Part of the Methods In Molecular Biology™ book series (MIMB, volume 154)
Biochemical Analysis of Connexon Assembly
The formation of gap junctions is a multistep process that begins with synthesis in the membrane of the endoplasmic reticulum (ER) of connexins (Cx), members of a highly homologous family of polytopic integral membrane proteins (see Fig. 1, no. 1) (1). The first stage in gap junction assembly is the noncovalent oligomerization of six connexin monomers into an annular struc ture known as a connexon or hemichannel (see Fig. 1, no. 2). In many (2,3) but apparently not all (4) situations, this event takes place after exit from the ER within an intracellular compartment that is most likely the trans-Golgi network. The connexon complex is then transported to the cell surface (see Fig. 1, no. 3), where it associates head-to-head with a connexon on the surface of an adjacent cell to form an intercellular channel (see Fig. 1,no. 4). Such channels then cluster at up to 10,000/μm2 to form gap junctional “plaques,” the endpoint in gap junction assembly (see Fig. 1, no. 5). An emerging concept is that connexon assembly is not simply a spontaneous default process but instead shows a high degree of selectivity, as evidenced by the finding that only certain types of connexins can co-oligomerize to form heteromeric connexons (5) and the ability of osteoblastic cells to assemble endogenously expressed Cx43, but not Cx46 (3). Determining the mechanism and regulation of connexon formation is therefore a fundamental part of understanding gap junction biosynthesis and function.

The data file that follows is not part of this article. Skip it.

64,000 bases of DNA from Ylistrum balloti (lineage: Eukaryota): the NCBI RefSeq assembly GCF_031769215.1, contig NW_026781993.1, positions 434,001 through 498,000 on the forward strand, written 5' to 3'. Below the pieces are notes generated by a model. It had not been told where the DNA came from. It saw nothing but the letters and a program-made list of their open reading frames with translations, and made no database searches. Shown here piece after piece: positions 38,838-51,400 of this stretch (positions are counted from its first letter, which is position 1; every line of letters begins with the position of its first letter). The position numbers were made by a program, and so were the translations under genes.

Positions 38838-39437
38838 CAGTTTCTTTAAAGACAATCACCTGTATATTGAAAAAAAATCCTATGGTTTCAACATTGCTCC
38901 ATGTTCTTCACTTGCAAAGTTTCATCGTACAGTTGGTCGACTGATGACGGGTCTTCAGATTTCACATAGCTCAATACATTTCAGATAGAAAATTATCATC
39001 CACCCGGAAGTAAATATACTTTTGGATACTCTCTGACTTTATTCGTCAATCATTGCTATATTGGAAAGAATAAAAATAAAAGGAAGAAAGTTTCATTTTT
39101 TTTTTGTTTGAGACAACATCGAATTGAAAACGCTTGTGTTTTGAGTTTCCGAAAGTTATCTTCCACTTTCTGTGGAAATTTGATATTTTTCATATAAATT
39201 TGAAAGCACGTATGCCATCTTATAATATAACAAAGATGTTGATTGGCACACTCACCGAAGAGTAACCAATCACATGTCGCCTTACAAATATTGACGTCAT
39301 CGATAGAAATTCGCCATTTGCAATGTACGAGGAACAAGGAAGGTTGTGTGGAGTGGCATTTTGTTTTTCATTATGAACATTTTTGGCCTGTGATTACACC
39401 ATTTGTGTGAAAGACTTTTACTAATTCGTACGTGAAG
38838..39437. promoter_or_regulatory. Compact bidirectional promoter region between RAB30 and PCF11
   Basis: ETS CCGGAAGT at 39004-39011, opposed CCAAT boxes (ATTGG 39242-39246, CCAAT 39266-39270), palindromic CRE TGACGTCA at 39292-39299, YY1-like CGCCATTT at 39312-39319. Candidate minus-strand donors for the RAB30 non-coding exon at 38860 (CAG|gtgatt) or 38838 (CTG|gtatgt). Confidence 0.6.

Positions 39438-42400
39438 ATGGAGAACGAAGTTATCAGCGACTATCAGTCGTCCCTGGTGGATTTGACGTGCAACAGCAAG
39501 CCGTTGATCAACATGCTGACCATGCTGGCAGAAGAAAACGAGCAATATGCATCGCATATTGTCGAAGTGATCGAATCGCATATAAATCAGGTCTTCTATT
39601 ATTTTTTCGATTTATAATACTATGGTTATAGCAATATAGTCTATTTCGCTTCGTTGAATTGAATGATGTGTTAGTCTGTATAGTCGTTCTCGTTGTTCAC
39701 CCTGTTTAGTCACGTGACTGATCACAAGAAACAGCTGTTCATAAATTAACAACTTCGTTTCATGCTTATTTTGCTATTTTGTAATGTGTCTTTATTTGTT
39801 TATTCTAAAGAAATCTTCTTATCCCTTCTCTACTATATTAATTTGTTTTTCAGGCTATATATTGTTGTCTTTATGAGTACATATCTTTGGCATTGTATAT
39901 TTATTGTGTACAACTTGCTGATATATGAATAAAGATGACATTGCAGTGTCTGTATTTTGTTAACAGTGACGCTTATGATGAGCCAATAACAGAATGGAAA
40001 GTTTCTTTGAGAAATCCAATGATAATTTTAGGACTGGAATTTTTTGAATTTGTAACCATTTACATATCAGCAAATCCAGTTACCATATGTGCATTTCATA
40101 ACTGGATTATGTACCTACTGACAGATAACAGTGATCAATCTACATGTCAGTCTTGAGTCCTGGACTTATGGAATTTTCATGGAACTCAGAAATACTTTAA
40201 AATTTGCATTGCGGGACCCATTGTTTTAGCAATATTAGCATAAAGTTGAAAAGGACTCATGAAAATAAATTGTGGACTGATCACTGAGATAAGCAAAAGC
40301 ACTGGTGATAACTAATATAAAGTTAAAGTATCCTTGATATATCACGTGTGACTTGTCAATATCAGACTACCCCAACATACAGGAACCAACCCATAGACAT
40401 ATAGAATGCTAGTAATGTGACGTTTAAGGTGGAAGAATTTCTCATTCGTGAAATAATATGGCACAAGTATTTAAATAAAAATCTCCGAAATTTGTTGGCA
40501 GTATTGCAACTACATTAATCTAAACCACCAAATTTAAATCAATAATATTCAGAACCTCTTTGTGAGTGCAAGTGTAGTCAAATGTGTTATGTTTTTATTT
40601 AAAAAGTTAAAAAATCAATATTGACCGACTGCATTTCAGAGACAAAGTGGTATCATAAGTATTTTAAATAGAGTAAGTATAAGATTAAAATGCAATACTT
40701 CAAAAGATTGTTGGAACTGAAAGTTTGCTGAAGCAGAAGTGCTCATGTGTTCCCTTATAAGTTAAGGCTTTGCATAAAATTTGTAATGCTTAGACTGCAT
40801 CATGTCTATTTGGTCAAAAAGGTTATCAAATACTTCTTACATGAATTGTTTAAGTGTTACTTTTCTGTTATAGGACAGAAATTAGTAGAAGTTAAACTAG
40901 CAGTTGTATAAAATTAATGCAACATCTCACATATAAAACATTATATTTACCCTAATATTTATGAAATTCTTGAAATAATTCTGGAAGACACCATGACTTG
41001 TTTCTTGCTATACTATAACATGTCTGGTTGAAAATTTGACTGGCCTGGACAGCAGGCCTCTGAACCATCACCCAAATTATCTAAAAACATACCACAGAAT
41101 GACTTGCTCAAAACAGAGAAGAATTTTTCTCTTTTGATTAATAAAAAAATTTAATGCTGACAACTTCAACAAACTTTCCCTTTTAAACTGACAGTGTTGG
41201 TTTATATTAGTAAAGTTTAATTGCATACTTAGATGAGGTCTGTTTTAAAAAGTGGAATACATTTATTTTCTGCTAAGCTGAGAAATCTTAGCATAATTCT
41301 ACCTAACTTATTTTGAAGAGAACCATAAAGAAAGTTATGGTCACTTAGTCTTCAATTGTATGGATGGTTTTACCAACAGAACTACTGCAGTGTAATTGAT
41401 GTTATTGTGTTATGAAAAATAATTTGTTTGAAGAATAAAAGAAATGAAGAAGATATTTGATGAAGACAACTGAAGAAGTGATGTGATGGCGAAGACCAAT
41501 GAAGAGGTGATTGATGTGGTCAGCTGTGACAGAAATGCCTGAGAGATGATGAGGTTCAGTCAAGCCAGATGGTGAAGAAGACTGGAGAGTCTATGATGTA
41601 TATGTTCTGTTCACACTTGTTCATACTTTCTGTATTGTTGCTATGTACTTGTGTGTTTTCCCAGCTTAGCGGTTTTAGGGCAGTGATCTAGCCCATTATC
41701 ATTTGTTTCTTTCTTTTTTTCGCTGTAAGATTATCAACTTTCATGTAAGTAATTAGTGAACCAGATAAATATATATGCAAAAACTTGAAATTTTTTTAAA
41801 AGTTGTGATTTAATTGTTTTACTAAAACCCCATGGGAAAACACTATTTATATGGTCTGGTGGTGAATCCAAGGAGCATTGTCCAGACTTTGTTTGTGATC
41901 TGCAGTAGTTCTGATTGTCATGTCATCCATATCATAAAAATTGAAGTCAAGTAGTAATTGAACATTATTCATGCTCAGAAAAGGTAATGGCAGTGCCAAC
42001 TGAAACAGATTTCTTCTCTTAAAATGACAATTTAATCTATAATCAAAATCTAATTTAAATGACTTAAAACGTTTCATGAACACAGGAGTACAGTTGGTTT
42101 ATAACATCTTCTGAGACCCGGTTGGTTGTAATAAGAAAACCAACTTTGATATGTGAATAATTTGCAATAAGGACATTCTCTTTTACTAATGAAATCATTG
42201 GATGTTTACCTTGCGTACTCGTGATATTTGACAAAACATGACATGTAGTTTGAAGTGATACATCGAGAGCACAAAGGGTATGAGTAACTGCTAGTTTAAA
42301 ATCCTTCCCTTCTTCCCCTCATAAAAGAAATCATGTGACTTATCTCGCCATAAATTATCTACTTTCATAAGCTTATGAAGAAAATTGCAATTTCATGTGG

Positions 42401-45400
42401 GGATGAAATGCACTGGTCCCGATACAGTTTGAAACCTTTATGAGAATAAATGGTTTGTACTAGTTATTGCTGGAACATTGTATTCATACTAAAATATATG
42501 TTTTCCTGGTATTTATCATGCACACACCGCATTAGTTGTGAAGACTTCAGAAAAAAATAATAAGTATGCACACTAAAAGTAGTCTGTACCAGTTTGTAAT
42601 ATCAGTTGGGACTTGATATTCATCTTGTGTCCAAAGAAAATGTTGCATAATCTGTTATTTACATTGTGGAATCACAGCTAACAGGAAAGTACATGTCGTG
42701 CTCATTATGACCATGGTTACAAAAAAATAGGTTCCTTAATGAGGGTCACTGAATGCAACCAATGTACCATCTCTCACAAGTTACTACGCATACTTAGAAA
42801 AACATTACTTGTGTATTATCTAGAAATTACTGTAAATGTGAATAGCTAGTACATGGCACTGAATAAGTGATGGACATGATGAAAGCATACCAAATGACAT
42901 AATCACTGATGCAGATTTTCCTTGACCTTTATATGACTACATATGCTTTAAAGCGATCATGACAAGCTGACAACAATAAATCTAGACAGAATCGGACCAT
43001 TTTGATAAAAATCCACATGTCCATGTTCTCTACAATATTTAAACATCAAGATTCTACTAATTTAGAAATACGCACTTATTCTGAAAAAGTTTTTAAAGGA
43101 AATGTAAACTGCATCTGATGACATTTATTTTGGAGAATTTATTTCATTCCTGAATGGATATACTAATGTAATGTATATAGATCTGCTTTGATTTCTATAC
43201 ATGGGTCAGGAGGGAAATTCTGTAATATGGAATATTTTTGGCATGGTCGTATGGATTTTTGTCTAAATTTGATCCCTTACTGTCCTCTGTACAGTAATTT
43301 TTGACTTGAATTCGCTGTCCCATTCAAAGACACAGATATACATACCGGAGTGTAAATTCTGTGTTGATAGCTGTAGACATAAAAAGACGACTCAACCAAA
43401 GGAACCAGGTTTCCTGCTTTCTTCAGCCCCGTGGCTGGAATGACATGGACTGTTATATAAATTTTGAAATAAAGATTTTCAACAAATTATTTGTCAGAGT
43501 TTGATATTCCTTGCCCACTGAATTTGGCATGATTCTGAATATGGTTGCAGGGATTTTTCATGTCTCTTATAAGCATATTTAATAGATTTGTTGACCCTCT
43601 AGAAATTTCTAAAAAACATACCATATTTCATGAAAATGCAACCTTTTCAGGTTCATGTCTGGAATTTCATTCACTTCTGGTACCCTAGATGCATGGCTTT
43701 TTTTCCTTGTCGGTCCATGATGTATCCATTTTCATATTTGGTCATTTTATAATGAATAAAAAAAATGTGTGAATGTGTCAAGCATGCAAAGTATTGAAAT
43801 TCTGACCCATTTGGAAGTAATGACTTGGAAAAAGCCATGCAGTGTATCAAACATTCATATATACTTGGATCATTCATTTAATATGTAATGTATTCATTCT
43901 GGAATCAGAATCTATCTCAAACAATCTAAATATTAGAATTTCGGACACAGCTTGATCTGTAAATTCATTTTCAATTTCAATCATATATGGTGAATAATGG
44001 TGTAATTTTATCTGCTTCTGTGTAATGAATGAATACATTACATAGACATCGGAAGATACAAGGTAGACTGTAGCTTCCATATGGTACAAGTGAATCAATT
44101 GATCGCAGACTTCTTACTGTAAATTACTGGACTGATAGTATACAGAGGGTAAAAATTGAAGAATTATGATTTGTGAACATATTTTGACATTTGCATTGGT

KeywordsSucrose Gradient Incubation Buffer Tissue Culture Cell Lens Fiber Cell Swing Bucket Rotor
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